several several species of animals to be differently modified, as different purposes require, or as difserent situations may afford for them room and food. Where this vast secundity meets with a vacancy fitted to receive the species, there it operates with its whole effect; there it pours in its numbers, and replenishes the waste. We complain of what we call the exorbitant multiplication of some troublesome insects, not reflecting that large portions of nature might be left void without it. If the accounts of travellers may be depended upon, immense tracts of forest in North America would be nearly lost to sensitive existence if it were not for gnats. "In the thinly inhabited regions of America, in which the waters stagnate and the climate is warm, the whole air is filled with crowds of these insects." Thus it is, that, where we looked for solitude and deathlike silence, we meet with animation, activity, enjoyment; with a busy, a happy, and a peopled world. Again; hosts of mice are reckoned amongst the plagues of the north-east part of Europe; whereas vast plains in Siberia, as we learn from good authority, would be useless without them. The Caspian defarts are converted by their presence into crowded 3 "warrens. warrens. Between the Volga and the Yaik, and in the country of Hyrcania, the ground, fays Pallas, is in many places covered with little hills, raised by the earth cast out in forming the burrows. Do we then so envy these blissful abodes, as to pronounce the fecundity by which they are supplied with inhabitants, to be an evil; a subject of complaint, and not of praise? Further; by virtue of this fame fupersecundity, what we term destruction, becomes almost instantly the parent of life. What we call blights, are, oftentimes, legions of animated beings claiming their portion in the bounty of nature. What corrupts the produce of the earth to us, prepares it for them. And it is by means of their rapid multiplication, that they take possession of their pasture: a slow propagation would not meet the opportunity.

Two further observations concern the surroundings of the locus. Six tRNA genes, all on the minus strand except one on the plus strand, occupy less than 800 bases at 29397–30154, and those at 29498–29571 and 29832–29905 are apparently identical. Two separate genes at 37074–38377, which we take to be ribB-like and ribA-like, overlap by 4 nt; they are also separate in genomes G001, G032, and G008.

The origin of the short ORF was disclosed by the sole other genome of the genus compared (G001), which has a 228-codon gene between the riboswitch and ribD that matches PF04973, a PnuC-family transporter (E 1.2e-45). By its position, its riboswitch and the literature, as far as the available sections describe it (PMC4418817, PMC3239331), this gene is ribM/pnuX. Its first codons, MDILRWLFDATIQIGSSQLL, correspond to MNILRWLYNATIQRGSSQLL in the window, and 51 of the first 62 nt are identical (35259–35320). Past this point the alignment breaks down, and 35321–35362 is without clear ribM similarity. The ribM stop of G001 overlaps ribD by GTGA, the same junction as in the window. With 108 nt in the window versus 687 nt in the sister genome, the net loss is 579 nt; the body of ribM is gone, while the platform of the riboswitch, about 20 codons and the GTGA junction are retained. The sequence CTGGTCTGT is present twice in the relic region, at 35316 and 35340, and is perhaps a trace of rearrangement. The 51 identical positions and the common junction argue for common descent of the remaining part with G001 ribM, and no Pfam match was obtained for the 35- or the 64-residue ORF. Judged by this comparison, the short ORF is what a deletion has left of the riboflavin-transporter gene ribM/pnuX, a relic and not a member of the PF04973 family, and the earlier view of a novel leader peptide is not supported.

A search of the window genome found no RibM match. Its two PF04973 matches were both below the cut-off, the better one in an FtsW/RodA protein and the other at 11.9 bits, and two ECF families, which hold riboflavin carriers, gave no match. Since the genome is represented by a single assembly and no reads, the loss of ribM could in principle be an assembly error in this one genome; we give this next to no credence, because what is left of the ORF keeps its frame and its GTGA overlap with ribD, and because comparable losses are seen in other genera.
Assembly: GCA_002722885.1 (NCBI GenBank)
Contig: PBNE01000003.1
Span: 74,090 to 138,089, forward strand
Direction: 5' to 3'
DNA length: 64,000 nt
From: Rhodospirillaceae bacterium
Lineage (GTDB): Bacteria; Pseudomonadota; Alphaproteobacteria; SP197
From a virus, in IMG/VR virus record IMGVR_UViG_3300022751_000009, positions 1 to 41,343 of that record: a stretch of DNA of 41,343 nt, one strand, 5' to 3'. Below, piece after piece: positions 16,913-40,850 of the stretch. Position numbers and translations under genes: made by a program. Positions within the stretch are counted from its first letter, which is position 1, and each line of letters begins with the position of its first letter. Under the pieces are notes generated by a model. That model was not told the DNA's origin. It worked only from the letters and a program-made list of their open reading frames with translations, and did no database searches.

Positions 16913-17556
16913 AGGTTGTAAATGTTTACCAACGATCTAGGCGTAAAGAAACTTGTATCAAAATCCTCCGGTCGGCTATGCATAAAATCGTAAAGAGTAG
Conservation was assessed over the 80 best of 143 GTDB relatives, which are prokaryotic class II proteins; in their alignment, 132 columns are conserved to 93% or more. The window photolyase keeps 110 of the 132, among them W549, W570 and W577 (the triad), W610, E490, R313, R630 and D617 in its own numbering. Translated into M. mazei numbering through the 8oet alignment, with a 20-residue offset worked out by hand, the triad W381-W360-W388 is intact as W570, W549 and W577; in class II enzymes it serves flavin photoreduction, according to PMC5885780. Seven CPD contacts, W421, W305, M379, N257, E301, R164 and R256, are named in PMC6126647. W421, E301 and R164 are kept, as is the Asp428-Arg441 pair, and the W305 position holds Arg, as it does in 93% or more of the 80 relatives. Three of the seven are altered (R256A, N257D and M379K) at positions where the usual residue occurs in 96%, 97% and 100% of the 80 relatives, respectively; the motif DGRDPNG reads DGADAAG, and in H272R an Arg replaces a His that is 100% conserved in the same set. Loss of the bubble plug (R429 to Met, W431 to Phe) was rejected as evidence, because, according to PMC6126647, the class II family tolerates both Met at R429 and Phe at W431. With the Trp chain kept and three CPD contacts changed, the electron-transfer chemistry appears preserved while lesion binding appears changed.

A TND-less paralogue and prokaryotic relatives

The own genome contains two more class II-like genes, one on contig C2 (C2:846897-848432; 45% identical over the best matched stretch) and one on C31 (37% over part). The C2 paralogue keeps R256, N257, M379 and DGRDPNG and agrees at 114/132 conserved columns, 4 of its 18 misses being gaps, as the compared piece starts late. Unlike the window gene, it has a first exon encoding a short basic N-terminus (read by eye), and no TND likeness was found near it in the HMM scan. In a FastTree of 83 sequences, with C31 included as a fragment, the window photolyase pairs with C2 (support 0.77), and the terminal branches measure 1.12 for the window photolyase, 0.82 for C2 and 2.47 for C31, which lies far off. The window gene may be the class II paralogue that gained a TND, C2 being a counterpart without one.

But in conjunction with the occasional use of this fruitfulnefs, we observe, also, that it allows the proportion between the several species of animals to be differently modified, as different purposes of utility may require. When the forests of America come to be cleared, and the swamps drained, our gnats will give place to other inhabitants. If the population of Europe should spread to the 6 north north and the east, the mice will retire before the husbandman and the shepherd, and yield their station to , herds and flocks. In what concerns the human species, it may be a part of the scheme of Providence that the earth should be inhabited by a shifting, or perhaps a circulating population. In this economy it is possible that there may be the following ad* vantages. When old countries are become exceedingly corrupt, simpler modes of life, purer morals, and better institutions may rife up in new ones, whilst fresh soils reward the cultivator with more plentiful returns. Thus • the different portions of the globe come into use in succession as the residence of man; and, in his absence, emenain oih r guests, which, by their rapid multiplication foost fill the chasm. In domesticated animals we find the effect of their fecundity to be, that we can always command numbers: we can always have as many of any particular species as we please, or as we can support. Nor do we complain of its excess; it being much more easy to regulate abundance, than to supply scarcity. 'But then this supersecundity, though'; cif great occasional use and importance, exceeds the ordinary'cttpacity of nature to receive or